Power-ups are an integral part of any Metroidvania game, a genre that kicked off with Metroid on NES in 1986. Bounty hunter Samus Aran’s first mission took her to the planet Zebes to fight Mother Brain and the space pirates Ridley and Kraid. Over the course of her journey, she acquired weapons and items like missiles, bombs, and more.
For 35 years, the Metroid series has continually introduced more and more tools like this for Samus to wield. Some only appeared in a single game, while others have been with her since the beginning. With the Metroid Dread release date fast approaching, there’s a whole new arsenal just around the corner. Here are the 10 best weapons and items in the Metroid series.
Link isn’t the only hero who can use bombs to blow open secret passages. Introduced in the original Metroid, bombs have been helping Samus uncover hidden areas and items since the start. They’re perfect for opening up Morph Ball-sized tunnels to explore.
Bombs also have a special navigational purpose: their explosions actually lift Samus into the air. This is a necessary move in many Metroid games, but it’s also the basis of the infinite bomb jumping trick. When timed correctly, bombs can be used to propel Samus indefinitely, letting players reach high-up areas before the games intend.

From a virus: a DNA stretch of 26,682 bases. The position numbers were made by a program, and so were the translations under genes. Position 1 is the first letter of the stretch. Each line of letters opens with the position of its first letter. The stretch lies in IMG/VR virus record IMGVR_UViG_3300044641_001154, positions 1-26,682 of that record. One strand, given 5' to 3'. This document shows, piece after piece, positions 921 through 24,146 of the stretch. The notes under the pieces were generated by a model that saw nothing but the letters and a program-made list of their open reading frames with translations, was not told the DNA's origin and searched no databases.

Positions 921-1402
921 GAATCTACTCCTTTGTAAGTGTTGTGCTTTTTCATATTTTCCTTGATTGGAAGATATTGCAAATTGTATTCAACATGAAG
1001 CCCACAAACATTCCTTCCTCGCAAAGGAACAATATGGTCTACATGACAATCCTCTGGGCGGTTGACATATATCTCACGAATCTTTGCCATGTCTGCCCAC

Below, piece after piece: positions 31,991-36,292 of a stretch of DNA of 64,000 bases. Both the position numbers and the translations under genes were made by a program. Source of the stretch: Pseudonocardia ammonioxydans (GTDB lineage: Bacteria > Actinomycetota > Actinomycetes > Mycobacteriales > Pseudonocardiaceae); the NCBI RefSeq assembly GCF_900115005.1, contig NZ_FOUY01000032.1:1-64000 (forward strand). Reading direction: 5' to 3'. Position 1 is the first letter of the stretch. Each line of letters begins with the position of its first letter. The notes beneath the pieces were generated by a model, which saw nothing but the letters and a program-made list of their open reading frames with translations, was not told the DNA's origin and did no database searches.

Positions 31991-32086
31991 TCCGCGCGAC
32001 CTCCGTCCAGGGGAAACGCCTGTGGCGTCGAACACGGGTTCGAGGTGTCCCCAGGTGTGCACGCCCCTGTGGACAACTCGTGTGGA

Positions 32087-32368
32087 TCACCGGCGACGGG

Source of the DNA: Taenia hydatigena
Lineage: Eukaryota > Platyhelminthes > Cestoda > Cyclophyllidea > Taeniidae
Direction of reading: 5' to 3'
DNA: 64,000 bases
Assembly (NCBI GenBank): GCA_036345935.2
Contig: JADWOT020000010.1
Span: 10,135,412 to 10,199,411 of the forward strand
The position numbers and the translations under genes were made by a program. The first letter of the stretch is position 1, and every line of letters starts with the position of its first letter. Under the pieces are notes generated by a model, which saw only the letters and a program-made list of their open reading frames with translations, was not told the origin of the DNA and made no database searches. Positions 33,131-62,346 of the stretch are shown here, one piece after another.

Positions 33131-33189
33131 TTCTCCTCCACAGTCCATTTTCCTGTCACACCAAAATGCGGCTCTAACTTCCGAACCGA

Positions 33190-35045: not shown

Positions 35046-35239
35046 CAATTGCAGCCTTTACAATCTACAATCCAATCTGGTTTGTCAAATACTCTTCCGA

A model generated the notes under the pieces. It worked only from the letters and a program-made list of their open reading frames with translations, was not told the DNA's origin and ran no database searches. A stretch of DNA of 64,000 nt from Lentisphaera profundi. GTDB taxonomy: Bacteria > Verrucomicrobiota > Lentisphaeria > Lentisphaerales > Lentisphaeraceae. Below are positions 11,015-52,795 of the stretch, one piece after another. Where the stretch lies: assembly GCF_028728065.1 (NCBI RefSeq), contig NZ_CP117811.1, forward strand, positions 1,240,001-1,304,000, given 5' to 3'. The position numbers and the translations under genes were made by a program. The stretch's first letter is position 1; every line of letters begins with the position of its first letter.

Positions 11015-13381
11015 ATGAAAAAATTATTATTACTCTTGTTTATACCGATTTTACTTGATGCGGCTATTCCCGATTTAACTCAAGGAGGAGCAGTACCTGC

Another long-time tool of Samus’ is the Grapple Beam, which allows her to latch onto grapple points and swing to otherwise unreachable ledges. Although it changed aesthetics in the Prime series — it’s fired from a left-hand glove rather than Samus’ arm cannon — the Grapple Beam has been with our heroine since Super Metroid.
The Grapple Beam can also be used to defeat smaller enemies, although big bad guys can shrug it off. As you might expect, grappling also comes into play in particular boss fights. In fact, Other M requires you to swing right into the Queen Metroid’s mouth.
The image of Samus inside her spacesuit is iconic, a look that changes with equipment like the Gravity Suit. Its perks vary game to game, but many utilize the Gravity Suit to give Samus free movement in deep water and the ability to withstand smoldering magma. Other M also uses it to overcome gravitational effects.
One thing that every version of the suit has in common is damage resistance. You can shrug off as much as 75% of incoming damage in Super Metroid in Other M. Extra defense is always a major plus.
Like bombs, missiles have been with Samus since the beginning First and foremost, they’re are used to blow open red doors. Finding the missile launcher in a Metroid game is like finding a master key.
Missiles also play a major role in combat. They can vanquish most enemies in a single shot, and when paired with the iconic Ice Beam, they’re the only way to defeat the titular Metroids. You can’t get too wild with missiles though, as there’s a limit to how many Samus can carry. Fortunately, there are plenty of missile expansions in every game.